Note: At the time this review first came out, Marseille tarot availability in the English speaking world was extremely difficult, and thus rated this deck more highly. It would be unfair to have left my review untouched by changes that have occurred over the past six years.
Visit the Camoin House Tarot Website.
Hadar Tarot de Marseille
Kris Hadar’s The Basteleur
Having written the above review about a year earlier, I received the also recently re-designed Marseille deck by Kris Hadar – again a truly marvellous Marseille rendition, and unlike, for example, the Convos that in my view just lacks so many of the generic deck’s finer qualities!
For Kris Hadar, ‘the Tarot is a Cathedral wherein each may in prayer discover within one’s existential labyrinth the path to one’s salvation!’ (p18 LWB, my translation). When one truly believes this, then surely depth of care will weave itself into the deck’s re-design.
In order to avoid repeating some of the general comments I make in relation to the Marseille, I take the previous review as read.
The Hadar deck, according to its printed date, came out in 1996, two years before the Camoin-Jodorowsky.
What Hadar appears to have done is carefully consider various representations and made careful judgements about whether a detail ought to be included or not. For most cards, I do think the choices made are inspired. If one compares, for example, the hem of Temperance, Hadar has maintained the careful ambiguity of a possible snake-like depiction, without thereby destroying such ambiguity as has occurred in the Camoin-Jodorowsky. At other times, however, I do not think he was careful enough with the details, and went with the more common depiction. Again, and for example, the triple nipple upon one of the figures on XV the Devil card, also found, for example, upon the 1760 Conver, has not been incorporated – though possibly purposefully. Another detail which many early decks include ambiguously is the hind-legs of the horses on VII the Chariot. Both Camoin and Hadar remove the ambiguity – Hadar doing the opposite of Camoin and following the Marteau rendition by deleting the ambiguous lines altogether. A last example: the platform’s ambiguous outline upon XVII the Star has been retained.
Like the box which contains it, there is an overall flavour of blu-ishness to the deck. This however, is more of a tonal quality, for the colouration and figures are quite beautified when compared to the woodcuts from which the earliest Marseille decks originate.
If the Atouts are wonderfully re-presented, an even higher praise can be said for the Court cards, except for the flatline of the horizon. Here, Hadar has really presented an un-surpassed modern rendition of a Marseille. Unlike most others which, to my mind, fall a little in this domain, Hadar has maintained careful attention to the Marseille spirit: the Page of Coins has no title, no additional detail has been added – and none subtracted.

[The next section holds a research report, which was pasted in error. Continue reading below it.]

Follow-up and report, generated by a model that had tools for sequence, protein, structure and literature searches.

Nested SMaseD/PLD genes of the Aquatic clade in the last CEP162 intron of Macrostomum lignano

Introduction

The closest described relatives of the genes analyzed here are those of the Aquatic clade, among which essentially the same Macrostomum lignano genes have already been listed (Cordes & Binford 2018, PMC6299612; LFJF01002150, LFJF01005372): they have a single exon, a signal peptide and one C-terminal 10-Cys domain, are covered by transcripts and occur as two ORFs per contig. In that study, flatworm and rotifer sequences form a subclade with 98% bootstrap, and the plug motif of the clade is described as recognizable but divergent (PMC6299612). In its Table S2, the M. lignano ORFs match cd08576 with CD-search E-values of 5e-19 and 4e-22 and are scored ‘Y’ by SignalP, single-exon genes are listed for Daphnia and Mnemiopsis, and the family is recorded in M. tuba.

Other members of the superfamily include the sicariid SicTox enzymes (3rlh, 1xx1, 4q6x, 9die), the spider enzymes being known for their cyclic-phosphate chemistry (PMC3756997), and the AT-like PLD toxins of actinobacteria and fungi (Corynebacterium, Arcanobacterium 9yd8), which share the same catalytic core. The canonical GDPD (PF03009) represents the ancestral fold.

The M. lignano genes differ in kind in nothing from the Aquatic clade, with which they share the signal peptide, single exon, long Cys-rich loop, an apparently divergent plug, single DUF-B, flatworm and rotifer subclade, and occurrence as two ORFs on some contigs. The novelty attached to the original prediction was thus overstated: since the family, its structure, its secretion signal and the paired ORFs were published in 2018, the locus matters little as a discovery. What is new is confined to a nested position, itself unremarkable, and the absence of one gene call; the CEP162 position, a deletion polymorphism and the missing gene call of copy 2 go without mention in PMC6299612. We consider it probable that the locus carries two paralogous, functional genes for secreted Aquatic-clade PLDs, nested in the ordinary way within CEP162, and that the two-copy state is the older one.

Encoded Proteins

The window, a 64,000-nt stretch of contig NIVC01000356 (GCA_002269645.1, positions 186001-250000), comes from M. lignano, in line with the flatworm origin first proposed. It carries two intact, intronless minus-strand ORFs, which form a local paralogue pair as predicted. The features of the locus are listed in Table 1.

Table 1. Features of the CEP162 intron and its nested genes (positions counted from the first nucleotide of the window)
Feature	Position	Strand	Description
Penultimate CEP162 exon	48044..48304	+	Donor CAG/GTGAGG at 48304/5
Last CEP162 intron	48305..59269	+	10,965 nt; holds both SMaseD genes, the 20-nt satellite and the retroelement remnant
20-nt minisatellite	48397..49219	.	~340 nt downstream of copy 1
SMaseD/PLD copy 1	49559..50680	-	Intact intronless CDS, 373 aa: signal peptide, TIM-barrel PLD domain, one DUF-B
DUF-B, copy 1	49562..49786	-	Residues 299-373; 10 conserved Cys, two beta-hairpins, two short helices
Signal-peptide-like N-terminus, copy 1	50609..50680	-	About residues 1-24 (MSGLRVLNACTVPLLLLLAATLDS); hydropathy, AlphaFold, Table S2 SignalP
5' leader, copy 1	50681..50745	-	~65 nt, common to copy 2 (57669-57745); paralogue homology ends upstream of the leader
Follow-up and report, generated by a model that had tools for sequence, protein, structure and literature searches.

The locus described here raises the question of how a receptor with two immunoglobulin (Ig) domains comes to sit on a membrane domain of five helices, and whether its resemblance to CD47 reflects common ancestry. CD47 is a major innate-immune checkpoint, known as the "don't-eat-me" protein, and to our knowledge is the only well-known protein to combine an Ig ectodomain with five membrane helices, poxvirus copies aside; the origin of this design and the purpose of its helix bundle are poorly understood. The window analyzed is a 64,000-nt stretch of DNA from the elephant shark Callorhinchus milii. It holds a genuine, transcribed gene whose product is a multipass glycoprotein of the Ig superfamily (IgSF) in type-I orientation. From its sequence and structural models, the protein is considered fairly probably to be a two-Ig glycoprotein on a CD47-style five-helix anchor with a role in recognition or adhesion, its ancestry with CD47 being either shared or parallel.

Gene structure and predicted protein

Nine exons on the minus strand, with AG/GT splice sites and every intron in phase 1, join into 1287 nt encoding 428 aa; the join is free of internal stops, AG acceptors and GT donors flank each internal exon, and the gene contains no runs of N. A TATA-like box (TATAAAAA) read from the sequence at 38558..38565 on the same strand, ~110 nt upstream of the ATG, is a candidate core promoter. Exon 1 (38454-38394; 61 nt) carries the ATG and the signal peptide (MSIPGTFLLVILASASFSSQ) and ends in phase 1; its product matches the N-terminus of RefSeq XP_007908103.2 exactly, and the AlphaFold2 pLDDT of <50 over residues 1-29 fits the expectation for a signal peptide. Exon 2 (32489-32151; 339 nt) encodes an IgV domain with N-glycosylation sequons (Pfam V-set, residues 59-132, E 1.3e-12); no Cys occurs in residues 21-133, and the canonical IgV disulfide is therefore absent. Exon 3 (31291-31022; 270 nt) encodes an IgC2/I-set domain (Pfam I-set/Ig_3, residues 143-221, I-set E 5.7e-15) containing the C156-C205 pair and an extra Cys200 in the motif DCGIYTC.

The pips remain beautifully illustrated, though again, I wish that, as I mentioned for the Camoin-Jodorowsky deck, Hadar had paid attention to the clarity of the hilt of the curved swords, so as not to confuse these with the tips of adjacent blades (as clearly differentiated in, again, the Schaffhouse deck). To have maintained Saul Marteau’s initials upon VII the Chariot and upon the two of Cups I just do not see merit in – nor in having inserted the misleading 1181 date adjacent his name and 1996, both of these latter of course expected, on the two of Coins (though it may be worthwhile indicating his e.mail response to this query in the Forum section of this Aeclectic.net – and I should also add that I personally strongly favour, and have earlier mentioned, a 1196 symbolic dating for the earliest ‘Marseille’ – these dates remain, of course, illegitimate based on historical evidence).
The titles and the back of all cards are also craftily executed – the back a beautiful reversible patterning. As stated on the box (for a change a good size, by the way, which doesn’t risk damaging the cards as one attempts to re-enter therein the deck and its little white booklet), ‘the originality of this Tarot also resides in the particular care given to the back design as an aide to improve the art of divination’ (my translation – oh, yes, I nearly forgot – the little white book is all in French, though this may be because of the Swiss provenance for my copy of this Canadian-designed deck).
Overall, another three-star masterpiece for a Marseille Tarot deck – my only problem will now be to which of these modern creations to recommend, the Camoin or the Hadar?
Note: as mentioned above, I originally gave a higher star rating to this deck.
Visit the Kris Hadar Tarot website.